Advances in Multiple Myeloma: Insights from Experts at Emory University on Translating Evidence to Clinical Practice - Episode 3
Experts discuss how they select a treatment regimen for a newly diagnosed multiple myeloma patient, and how they measure a successful treatment response.
Sagar Lonial, MD: We’ve got lots of great data, and there are other data beyond what the 3 of you have already talked about that we’re using to drive that decision. Jonathan, do you want to take us through how you make decisions in terms of what our treatment approach is for a patient newly diagnosed with myeloma? Everybody can comment or critique that decision.
Jonathan Kaufman, MD: We’ve had a lot of internal debate over the years about this. We felt very comfortable with the GRIFFIN data because the GRIFFIN control arm acted just like our large series. An improvement by adding daratumumab has driven that decision. The big debate we’ve had is whether we should have quadruplet therapy for all patients, or if it should be only the standard-risk or only the high-risk patients.
In terms of the standard risk, the vast majority of the GRIFFIN trial was standard risk. My perspective on this is that standard-risk patients should certainly have quadruplet therapy if we deem them to be transplant candidates at time of diagnosis. In terms of the high-risk patients, if you look at the updated GRIFFIN data looking at MRD [minimal residual disease] negativity, which we believe is our best marker for long term outcomes, the MRD-negativity data are better in high risk with daratumumab–RVd [lenalidomide, bortezomib, dexamethasone] compared with RVd [lenalidomide, bortezomib, dexamethasone]. Our initial feeling was that this might not be enough in high-risk patients, but I’m also using daratumumab–RVd [lenalidomide, bortezomib, dexamethasone], including for standard-risk patients.
Sagar Lonial, MD: Does anyone else want to add anything or comment?
Ajay Nooka, MD: There are more data pointing toward what Jonathan just talked about using daratumumab in the up-front setting in addition to the PI [proteasome inhibitor]–IMiD [immunomodulatory imide drug] backbone. Why not use a better proteasome inhibitor? That’s what the MASTER trial clearly showed. Except we continue the maintenance for a longer duration in high-risk patients. These patients are able to achieve those responses and maintain these responses with continued treatment. That’s what the approach has been.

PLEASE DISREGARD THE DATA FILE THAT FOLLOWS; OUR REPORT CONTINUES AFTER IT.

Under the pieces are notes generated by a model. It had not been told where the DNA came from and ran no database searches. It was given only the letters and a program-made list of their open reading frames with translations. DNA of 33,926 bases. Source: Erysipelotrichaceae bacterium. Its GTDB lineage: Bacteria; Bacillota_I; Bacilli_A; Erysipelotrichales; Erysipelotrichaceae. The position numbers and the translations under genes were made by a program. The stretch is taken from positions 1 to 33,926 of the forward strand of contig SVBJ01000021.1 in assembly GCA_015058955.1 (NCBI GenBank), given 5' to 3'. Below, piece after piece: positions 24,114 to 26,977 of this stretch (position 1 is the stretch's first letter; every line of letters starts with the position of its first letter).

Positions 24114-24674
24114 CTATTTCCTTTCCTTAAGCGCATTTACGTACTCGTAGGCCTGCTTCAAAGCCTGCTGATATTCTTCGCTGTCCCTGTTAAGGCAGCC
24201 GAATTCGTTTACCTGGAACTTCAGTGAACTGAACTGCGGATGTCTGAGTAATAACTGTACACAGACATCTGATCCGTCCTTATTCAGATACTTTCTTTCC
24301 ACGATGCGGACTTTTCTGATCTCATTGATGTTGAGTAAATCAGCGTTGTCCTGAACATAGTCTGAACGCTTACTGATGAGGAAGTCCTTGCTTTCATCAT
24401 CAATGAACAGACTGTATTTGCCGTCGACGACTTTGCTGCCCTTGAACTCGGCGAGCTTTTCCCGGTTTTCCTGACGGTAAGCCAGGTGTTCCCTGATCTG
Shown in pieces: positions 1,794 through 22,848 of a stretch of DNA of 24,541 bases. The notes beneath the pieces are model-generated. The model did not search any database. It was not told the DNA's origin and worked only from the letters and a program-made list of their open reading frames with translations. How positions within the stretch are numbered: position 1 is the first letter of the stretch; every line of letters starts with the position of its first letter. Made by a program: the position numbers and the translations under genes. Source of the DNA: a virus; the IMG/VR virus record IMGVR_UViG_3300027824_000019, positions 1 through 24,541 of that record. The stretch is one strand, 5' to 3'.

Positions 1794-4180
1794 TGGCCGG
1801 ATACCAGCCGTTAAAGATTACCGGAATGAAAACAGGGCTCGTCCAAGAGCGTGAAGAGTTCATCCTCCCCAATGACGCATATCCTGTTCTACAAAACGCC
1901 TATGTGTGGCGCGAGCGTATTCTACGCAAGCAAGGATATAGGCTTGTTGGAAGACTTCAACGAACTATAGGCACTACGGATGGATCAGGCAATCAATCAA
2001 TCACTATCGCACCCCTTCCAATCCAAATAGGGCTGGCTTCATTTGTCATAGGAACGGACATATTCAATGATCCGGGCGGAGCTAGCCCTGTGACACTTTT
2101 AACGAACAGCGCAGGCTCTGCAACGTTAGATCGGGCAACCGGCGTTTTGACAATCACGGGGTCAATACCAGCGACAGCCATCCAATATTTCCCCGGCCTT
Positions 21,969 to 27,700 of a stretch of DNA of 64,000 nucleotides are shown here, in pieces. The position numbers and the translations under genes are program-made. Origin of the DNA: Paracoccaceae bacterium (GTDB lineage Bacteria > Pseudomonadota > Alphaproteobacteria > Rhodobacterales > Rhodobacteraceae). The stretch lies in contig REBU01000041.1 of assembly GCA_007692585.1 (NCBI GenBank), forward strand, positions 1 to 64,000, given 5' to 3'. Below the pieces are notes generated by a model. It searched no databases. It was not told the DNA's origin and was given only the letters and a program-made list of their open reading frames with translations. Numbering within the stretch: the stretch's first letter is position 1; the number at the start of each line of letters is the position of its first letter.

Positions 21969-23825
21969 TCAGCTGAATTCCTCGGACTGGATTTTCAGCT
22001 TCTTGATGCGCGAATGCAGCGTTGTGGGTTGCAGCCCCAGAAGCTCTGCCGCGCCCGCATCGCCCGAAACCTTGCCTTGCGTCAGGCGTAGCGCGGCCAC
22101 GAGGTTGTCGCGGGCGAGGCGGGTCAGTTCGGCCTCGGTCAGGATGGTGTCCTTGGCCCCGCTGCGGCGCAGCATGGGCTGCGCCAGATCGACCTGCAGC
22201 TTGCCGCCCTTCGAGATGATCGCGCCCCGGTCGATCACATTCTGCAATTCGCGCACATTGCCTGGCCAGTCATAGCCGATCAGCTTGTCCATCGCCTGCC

Nisha Joseph, MD: For high-risk patients, I’m not routinely using daratumumab or quadruplets. I tend to use more carfilzomib-based strategies. But clinically, because we’re a referral center, we see a lot of folks who are already induced or have already gotten into 2 or 3 cycles with daratumumab or a quadruplet, and I certainly don’t change regimens at that point. Those patients do quite well and achieve a good depth of response.
Sagar Lonial, MD: Dr Joseph, 1 question that’s always out there that we all struggle with is when a patient is sent to us after having a line or 2 of therapy, what’s a good enough response following induction to say we’re ready to proceed with collection of cells and transplant? There’s this view that patients have to be in CR [complete response] before they’re referred to the transplant center. Do you want to talk about how we think about that?
Nisha Joseph, MD: Sure. Ideally, when we’re selecting induction strategies, we try to optimize that depth of response. But when we get a patient in our clinic who has already received induction therapy, speaking for everyone, we look for at least a partial response [PR], which is a 50% reduction in the amount of tumor burden from time of diagnosis.
There was a retrospective study looking at this question in over 500 patients with newly diagnosed myeloma who achieved less than a PR prior to transplant, and they were siphoned into 2 groups: those who receive salvage therapy before transplant and those who went directly to transplant. Even though in the salvage arm 70% of those patients deepened their response when they did multivariate analysis comparing patients who didn’t receive salvage therapy, there wasn’t a benefit in terms of risk of relapse, progression-free survival, or overall survival. Instead of trying to fiddle around to deepen that response, where you can risk relapse or increased toxicity, we tend to push forward with stem cell collection if the patient has at least achieved a PR.
Sagar Lonial, MD: That’s an important point. Because there are a lot of folks who say that if you haven’t achieved the depth you want, you change the treatment. The way I think about it is you give the induction that has the highest likelihood of achieving a deep response. But if you don’t get there, and you do get a response, then it’s reasonable to say that we know that transplant is a big hammer, and we don’t want to avoid that big hammer, we want to use that big hammer. The patients who historically don’t respond as well to induction are the patients who may have gained the greatest benefit from high-dose melphalan. You want to make sure you get that to them as part of the process.
Transcript edited for clarity.